that all manufacturers now use a similar approach, no doubt each with
their proprietary enhancements. Pumps are quieter than they used to be,
but still far from silent.
The reed valve made it
possible to make quiet over a small range of
conditions, pretty good with a fixed displacement unit, but not
effective at small displacements and high pressures.
A second factor was
introduced into the simulation optimisation called
“Jet Impact”. This worked on the concept that the pump noise was a
hammer and bell situation, where an event produces a hammer action
which is then picked up and amplified by the fluid volumes and
mechanical bits that make up the pump. A hammer effect is created by a
sudden change in jet force, as defined by the opening area of the notch
and the pressure drop across it. This analysis technique provided a
small but significant improvement.
During the late 1980’s,
a concept for an inshore mine hunter was
developed in Australia for the Royal Australian Navy using small
catamaran vessels. Two ships were built, HMAS Rushcutter and HMAS
Shoalwater. They were not very successful operationally and have been
original drive system was provided by Dowty UK consisting of a
fixed displacement drive motor with low magnetic signature and a
variable displacement pump. The pump proved to be expensive with
reliability problems, so a decision was made to try a commercial
Denison pump; it proved to be too noisy and I was asked to suggest
means to make it quieter.
The approach I recommended was to redesign the timing to minimise the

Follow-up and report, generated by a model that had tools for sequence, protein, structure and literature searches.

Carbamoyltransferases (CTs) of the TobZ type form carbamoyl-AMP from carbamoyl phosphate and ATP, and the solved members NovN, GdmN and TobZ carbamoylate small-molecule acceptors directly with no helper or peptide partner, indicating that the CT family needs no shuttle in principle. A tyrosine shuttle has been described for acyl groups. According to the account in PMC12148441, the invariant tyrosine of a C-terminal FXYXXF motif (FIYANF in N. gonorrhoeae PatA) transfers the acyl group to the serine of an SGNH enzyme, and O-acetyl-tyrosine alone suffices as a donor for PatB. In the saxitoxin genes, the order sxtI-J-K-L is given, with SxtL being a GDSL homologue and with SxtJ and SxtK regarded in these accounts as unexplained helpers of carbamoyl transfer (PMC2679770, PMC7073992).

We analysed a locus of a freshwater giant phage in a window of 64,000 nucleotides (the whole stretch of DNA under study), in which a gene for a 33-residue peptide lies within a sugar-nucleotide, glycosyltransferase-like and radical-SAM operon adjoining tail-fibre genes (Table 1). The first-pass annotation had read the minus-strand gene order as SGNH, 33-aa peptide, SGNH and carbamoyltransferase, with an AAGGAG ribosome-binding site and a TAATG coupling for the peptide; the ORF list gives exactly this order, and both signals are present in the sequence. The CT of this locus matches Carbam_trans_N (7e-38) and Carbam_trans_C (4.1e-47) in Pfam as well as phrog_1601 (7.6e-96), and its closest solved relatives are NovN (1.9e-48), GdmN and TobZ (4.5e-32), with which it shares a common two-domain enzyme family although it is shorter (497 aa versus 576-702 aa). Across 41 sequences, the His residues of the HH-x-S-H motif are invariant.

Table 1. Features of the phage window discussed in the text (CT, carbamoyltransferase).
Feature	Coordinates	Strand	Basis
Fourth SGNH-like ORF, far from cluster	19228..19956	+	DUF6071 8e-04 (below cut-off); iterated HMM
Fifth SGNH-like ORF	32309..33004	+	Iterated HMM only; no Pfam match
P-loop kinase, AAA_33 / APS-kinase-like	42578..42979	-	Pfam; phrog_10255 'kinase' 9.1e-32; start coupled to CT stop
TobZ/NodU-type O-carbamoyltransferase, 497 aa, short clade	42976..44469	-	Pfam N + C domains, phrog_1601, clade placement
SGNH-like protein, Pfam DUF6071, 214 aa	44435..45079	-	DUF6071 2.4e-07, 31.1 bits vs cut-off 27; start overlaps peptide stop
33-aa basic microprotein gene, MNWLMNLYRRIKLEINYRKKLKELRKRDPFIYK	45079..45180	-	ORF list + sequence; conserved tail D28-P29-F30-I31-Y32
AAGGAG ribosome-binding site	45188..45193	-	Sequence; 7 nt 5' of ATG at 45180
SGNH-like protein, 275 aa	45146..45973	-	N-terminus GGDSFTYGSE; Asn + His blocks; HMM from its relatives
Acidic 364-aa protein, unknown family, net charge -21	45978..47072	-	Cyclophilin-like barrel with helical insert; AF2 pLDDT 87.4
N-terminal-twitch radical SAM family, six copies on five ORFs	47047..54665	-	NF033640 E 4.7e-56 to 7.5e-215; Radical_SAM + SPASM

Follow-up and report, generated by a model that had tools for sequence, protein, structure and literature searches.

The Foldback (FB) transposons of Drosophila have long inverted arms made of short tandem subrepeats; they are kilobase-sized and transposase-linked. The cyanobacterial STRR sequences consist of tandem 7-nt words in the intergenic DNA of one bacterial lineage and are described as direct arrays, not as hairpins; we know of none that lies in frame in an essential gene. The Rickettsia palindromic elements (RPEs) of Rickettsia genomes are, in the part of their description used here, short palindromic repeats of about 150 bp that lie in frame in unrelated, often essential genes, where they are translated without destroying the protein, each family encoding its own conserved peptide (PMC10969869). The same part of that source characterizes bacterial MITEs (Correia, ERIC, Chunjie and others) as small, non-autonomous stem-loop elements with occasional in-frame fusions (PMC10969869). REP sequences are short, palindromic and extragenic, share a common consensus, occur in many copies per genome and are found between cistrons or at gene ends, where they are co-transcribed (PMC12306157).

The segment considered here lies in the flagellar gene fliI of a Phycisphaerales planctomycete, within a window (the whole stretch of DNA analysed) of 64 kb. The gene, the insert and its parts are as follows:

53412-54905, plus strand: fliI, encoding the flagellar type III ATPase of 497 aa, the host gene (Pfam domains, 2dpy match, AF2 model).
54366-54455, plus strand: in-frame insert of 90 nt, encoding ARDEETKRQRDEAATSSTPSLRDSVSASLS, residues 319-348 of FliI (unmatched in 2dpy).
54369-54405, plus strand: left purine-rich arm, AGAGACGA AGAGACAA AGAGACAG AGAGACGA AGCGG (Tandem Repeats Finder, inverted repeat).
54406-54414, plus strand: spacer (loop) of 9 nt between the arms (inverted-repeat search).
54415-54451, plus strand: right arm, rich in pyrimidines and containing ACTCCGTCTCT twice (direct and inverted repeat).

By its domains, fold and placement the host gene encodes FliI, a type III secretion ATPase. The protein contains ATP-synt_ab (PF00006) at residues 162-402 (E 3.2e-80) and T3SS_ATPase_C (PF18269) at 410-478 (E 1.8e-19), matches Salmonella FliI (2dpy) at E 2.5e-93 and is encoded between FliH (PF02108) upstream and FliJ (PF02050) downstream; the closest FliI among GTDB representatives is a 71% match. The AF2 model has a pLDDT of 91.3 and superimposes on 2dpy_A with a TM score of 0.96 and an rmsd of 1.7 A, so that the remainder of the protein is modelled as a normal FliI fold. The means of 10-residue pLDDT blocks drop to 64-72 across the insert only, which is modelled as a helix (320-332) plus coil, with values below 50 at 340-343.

noise at source, then look at accumulators and such to further reduce
the noise levels if required.
Ford HPA Vehicle
2002013128 “Hydraulic Power Assist – a Demonstration of Hydraulic
Hybrid Vehicle Regenerative Braking in a Road Vehicle Application” by
R. P. Kepner of the Ford Motor Company describes the application of an
Ifield pump and valve system in a SUV, with useful improvement in fuel
This pump is
essentially of my design,
including the timing. The noise level was knocking on the door of
acceptability – “With further development the noise level and quality
can be acceptable for commercial markets.” Again, not silent.
Australian Navy has six Huon Class minehunters based on the Italian
Gaita, but manufactured by ADI in Newcastle, NSW. They have a dual
propulsion system; a conventional diesel drive with variable pitch
propellor for normal travel; and three fuly azimuthing hydraulic
propulsion units from Cazoni S.p.A of Bologna, used when mine hunting.
HMAS Norman - Huon Class Minehunter
|At least in part due to my good result
with the Estuary Minehunter, I was asked to assist with a problem of
noise from the propulsion motors interfering with the very sensitive
sonar system. The investigation and solving of this problem took a fair
bit of time, money and many trips to Bologna, but was ultimately very
successful, with the complete removal of the interference.
The figures show the
before and after noise traces, measured by a hydrophone mounted in the
case of the hydraulic motor.
|From my point of view this was a
watershed result because, for the first time, we had a silent hydraulic
motor. I will always remember standing at the test rig in Bologna,
stethoscope and all, and listening to a silent piston motor for the
first time in my life.
displacement motor driving a propellor with a unique speed/pressure
curve is relatively easy to work with, so the challenge is to take that
new understanding and extend it to cover a full range variable
So far success eludes,
quieter but still not quiet – but the journey is not yet over. I have a
small development laboratory
where I am researching many possibilities, in my own time, with my own
money, real backyard shed engineering. Wish me luck.